In case you hadn’t noticed, fall is in the air. You can smell it; the metallic air of summer has become sweeter. You can see it; spiders spin ever-widening webs. You can hear it; cicadas trill incessantly at dusk. Soon the deciduous trees and shrubs will herald the arrival of fall when their rich green foliage turns to gold and red – a change triggered by warm sunny days followed by a string of crisp nights.
For those partial to the yellow tones, a stunning choice is that classic street tree Ginkgo biloba (USDA Zones 3-8)
whose dainty fan-shaped leaves turn from bright green to lemon yellow as the nights lengthen.
One of the most primitive plants (it is thought to have taken root 300 million years ago), but after flourishing for 200 million years, this ancient beauty suffered a decline and began to die out. Saved from extinction by Chinese monks who nurtured it in their temple gardens, today the noble ginkgo thrives worldwide. This graceful specimen must have full sun but tolerates heat, alkaline soil, some air pollution, and even the salt spread on roadways in winter. Although it’s a slow grower it may top 60 feet at maturity, but if you have the space, consider one of two special cultivars, the luminous ‘Autumn Gold’ or the slender ‘Fastigiata’. Do be sure that you select a male tree; the female ginkgo produces a stinky fruit that reeks like rotting flesh, a nasty odor fortunately not encountered often.
Another outstanding selection among those trees that turn golden yellow in fall, is the Katsura tree or Cercidiphyllum japonicum,
a real beauty that produces a different show throughout the year. In spring its round leaves emerge reddish purple, changing to blue-green in summer, and staging a vibrant golden display for the fall finale. Valued as a shade tree the pyramidal Katsura, hardy in USDA Zones 4-8, does best in full sun to part shade and moist soil, although it can tolerate mild drought once established. A favorite of many horticulturists the Katsura tree wins the award for an easy to grow outstanding ornamental specimen.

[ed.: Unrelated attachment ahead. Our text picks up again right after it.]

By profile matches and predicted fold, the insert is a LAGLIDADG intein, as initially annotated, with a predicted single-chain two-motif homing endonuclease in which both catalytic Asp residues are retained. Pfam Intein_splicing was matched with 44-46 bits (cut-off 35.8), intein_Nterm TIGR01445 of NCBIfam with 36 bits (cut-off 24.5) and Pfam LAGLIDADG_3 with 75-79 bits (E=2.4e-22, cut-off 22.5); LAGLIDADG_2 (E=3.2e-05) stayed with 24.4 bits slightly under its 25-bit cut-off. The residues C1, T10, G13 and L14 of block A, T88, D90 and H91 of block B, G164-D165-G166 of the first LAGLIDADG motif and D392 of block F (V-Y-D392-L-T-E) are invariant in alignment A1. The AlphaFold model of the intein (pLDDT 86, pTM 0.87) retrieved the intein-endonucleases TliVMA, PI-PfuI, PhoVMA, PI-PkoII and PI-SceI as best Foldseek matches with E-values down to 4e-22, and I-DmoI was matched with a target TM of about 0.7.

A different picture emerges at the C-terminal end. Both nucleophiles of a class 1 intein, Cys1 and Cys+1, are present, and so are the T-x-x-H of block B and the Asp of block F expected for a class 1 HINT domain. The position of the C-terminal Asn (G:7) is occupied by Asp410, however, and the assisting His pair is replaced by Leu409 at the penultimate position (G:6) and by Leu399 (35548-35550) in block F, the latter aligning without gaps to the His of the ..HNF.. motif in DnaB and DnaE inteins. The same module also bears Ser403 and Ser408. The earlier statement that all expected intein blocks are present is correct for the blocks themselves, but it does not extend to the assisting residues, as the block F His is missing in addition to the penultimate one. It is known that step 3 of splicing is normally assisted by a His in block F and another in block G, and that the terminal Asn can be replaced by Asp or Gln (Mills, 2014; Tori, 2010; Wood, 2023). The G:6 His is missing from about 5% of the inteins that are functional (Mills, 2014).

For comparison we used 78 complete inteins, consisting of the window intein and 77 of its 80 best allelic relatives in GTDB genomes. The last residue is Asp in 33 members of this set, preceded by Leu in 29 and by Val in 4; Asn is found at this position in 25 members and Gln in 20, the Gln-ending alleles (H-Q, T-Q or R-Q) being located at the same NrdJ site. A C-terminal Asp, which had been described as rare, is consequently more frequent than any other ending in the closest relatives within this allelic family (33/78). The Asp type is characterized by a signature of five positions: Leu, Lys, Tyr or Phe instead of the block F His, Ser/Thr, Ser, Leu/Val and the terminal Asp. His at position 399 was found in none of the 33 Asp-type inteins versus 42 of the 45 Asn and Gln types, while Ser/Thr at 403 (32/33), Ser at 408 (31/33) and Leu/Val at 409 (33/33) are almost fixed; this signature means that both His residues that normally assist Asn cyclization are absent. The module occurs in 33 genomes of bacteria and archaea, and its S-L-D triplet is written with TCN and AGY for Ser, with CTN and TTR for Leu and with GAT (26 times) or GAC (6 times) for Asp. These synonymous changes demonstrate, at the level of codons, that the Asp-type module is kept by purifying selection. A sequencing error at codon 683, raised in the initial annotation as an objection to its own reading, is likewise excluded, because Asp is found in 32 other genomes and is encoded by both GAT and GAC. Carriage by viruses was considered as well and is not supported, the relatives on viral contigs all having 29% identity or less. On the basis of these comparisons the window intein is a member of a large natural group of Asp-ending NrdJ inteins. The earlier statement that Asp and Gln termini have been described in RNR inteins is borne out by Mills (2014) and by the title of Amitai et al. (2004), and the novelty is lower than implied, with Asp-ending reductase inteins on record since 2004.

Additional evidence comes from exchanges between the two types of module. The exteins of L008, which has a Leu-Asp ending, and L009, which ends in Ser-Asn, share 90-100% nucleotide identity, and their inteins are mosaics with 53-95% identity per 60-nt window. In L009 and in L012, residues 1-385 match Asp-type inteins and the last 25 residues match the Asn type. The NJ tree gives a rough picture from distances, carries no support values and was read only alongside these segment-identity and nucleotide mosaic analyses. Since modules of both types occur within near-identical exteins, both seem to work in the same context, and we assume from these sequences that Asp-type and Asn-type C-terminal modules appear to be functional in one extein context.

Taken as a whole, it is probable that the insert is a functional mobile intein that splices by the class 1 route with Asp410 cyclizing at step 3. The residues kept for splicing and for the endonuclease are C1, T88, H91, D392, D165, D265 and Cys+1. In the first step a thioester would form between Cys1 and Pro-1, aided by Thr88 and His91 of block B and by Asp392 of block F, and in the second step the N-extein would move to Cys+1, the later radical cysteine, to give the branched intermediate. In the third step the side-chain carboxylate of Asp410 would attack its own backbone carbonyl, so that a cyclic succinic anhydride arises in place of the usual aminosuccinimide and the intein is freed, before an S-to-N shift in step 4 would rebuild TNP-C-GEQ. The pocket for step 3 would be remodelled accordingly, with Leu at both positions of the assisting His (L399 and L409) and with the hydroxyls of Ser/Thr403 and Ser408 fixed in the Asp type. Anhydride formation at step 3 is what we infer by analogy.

Moving from the cool yellows to the warmer orange hues, Cercis canadensis or Eastern Redbud (USDA Zones 4-8)
is prized among small landscape trees (some actually consider it a large shrub), a treasure for those gardeners with limited land.
Growing no taller than 25 feet, redbud branches are covered with hot pink flowers in early spring before its leaves emerge, a vibrant display that shatters the gloom of winter overnight. The cultivar ‘Forest Pansy’ sports heart-shaped burgundy leaves, but if pink blooms are not your thing consider ‘Alba’ whose creamy white flowers give way to lustrous green leaves in summer. All the redbuds, native to Eastern and Central North America, thrive in full sun and hot summers, requiring little water as long as they get ample moisture in winter and spring. Choose the site for your tree carefully; the Eastern Redbud does not like to relocate.
To really set your garden aglow, find a spot in full or part sun in your USDA Zones 4-9 garden for a Sassafras tree, Sassafras albidium,